openoffice-dev mailing list archives

Site index · List index
Message view « Date » · « Thread »
Top « Date » · « Thread »
From Rob Weir <>
Subject Re: New Record Download Day
Date Thu, 10 Oct 2013 23:22:45 GMT
On Thu, Oct 10, 2013 at 6:48 PM, janI <> wrote:
> On 10 October 2013 21:21, Rob Weir <> wrote:
>> On Thu, Oct 10, 2013 at 11:07 AM, janI <> wrote:
>>> On 10 October 2013 16:33, Louis Suárez-Potts <> wrote:
>>>> On 2013-10-10, at 10:01 , Rob Weir <> wrote:
>>>>> No, this is not a duplicate message.
>>>>> We hit another new download record yesterday, of 241,987 downloads,
>>>>> beating the record previously set on Monday of 233,070 downloads.
>>>>> -Rob
>>>> This is impressive. Add these numbers to those also generated by LibreOffice
and other versions of OpenOffice, and we can start thinking again of a seriously large installed
base of ODF editors, most of which are open source.
>>> Indeed very impressive. Do we have any ideas how the other openoffice
>>> versions are doing in terms of download ? if they publish their
>>> numbers we could think about a blog post telling about the total
>>> number, that must be impressive.
>> Some of them did publish download numbers, but stopped doing so after
>> AOO 3.4.0 was released and we started publishing our numbers.
>> But it is hard to come up with apples-to-apples comparisons.  For
>> example, Linux users get LO with their distro.  They don't download.
>> LO has been available for 3 years, but AOO for only 18 months.  We're
>> counting only full installs, LO is counting -- well, we really don't
>> know.   The products have different update cycles, so it is hard to
>> convert downloads into users. (If you have many small releases then
>> each user will generate several downloads).  Differences like this
>> make it hard to compare the two.
>> But one approach is to look at Windows downloads from 3rd party
>> websites, like  This avoids all of the above problems.
>> If you look there you see that in the last week AOO has been
>> downloaded 21,850 times, and LibreOffice 2,664 times.
>> But from the perspective of ODF editors, Microsoft has pretty good ODF
>> support now as well, so the true number of ODF editor installs is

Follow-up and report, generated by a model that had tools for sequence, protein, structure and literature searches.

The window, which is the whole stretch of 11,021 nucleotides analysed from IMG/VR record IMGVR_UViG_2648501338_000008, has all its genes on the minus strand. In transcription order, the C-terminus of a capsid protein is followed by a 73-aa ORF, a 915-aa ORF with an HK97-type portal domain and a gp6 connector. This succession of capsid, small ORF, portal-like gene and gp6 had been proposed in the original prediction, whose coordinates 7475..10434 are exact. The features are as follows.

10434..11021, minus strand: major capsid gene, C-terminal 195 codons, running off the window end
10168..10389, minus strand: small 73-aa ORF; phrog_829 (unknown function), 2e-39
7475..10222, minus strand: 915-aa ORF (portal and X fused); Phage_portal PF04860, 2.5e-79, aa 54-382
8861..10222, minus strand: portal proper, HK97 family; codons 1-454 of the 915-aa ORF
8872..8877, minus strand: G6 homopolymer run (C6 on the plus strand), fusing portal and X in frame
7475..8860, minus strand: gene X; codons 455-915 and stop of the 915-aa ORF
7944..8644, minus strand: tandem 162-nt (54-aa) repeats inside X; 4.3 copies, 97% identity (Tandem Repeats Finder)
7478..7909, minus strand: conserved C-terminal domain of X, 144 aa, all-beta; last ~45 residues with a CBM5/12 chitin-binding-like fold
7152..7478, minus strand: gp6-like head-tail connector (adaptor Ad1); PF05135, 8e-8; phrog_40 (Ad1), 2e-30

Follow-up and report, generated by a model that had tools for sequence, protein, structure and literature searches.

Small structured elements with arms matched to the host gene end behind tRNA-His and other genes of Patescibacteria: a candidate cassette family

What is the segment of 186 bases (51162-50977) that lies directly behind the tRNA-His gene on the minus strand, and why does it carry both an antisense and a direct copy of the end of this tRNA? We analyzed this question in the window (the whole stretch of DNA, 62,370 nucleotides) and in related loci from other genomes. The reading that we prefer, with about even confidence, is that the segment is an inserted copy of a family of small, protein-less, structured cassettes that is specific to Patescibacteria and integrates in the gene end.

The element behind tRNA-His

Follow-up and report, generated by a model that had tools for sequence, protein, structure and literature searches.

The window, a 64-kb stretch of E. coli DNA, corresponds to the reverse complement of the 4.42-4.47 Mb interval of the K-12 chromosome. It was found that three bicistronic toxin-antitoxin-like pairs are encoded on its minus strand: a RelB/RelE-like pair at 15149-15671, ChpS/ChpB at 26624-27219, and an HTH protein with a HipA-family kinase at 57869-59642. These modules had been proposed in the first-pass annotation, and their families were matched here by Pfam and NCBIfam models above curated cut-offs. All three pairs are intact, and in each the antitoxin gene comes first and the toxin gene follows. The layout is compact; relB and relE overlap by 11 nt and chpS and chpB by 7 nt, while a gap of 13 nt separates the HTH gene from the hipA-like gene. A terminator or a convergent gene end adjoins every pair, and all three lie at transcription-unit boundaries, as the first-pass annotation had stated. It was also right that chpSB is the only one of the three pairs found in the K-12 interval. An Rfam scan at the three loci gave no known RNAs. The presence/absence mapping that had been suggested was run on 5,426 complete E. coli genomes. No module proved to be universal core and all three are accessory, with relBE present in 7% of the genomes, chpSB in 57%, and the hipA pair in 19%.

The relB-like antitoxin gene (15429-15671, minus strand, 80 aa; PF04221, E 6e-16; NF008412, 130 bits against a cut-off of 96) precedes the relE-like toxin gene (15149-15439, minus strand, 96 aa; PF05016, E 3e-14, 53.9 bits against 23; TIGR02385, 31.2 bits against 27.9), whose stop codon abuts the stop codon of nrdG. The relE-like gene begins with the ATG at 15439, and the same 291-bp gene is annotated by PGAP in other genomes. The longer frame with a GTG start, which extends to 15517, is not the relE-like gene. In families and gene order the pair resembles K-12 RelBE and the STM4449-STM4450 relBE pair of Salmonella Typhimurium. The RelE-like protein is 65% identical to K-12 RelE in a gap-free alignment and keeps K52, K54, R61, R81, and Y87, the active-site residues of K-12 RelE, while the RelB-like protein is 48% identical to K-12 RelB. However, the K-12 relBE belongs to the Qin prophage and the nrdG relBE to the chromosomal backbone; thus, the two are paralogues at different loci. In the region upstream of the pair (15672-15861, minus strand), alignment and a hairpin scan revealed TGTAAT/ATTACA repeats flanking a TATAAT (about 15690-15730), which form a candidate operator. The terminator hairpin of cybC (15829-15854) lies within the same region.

>> probably near 1 billion now.
> Please bear in mind I was not trying to battle LO and AOO who has the
> most downloads. I was simply asking if we can come up with a somewhat
> reliable figure how many have downloaded a free "office" version
> against how many have paid for the version.

My data says that in the U.S., 16.1% of surveyed internet users use
OpenOffice either "sometimes" or "regularly".  For the same question
5.7% use LibreOffice.  So roughly speaking open source office suites
have 20% market share.  This is probably centered in
home/student/personal use.  I'd expect that usage is lower than that
in businesses.

> I am still thinking about the issue about saving money, which I think
> is high on many goverment/departmental lists right now. Something we
> can use to make a slight push in direction of free software
> independent of branding.

We already do that on pages like this:

But the general issue is that a government that is not aware of
OpenOffice will not find *anything* that we have on our website.  You
need to get material to where they are reading.



> rgds
> jan I.
>> -Rob
>>> rgds
>>> jan I.
>>>> louis
>>>> ---------------------------------------------------------------------
>>>> To unsubscribe, e-mail:
>>>> For additional commands, e-mail:
>>> ---------------------------------------------------------------------
>>> To unsubscribe, e-mail:
>>> For additional commands, e-mail:
>> ---------------------------------------------------------------------
>> To unsubscribe, e-mail:
>> For additional commands, e-mail:
> ---------------------------------------------------------------------
> To unsubscribe, e-mail:
> For additional commands, e-mail:

To unsubscribe, e-mail:
For additional commands, e-mail:

View raw message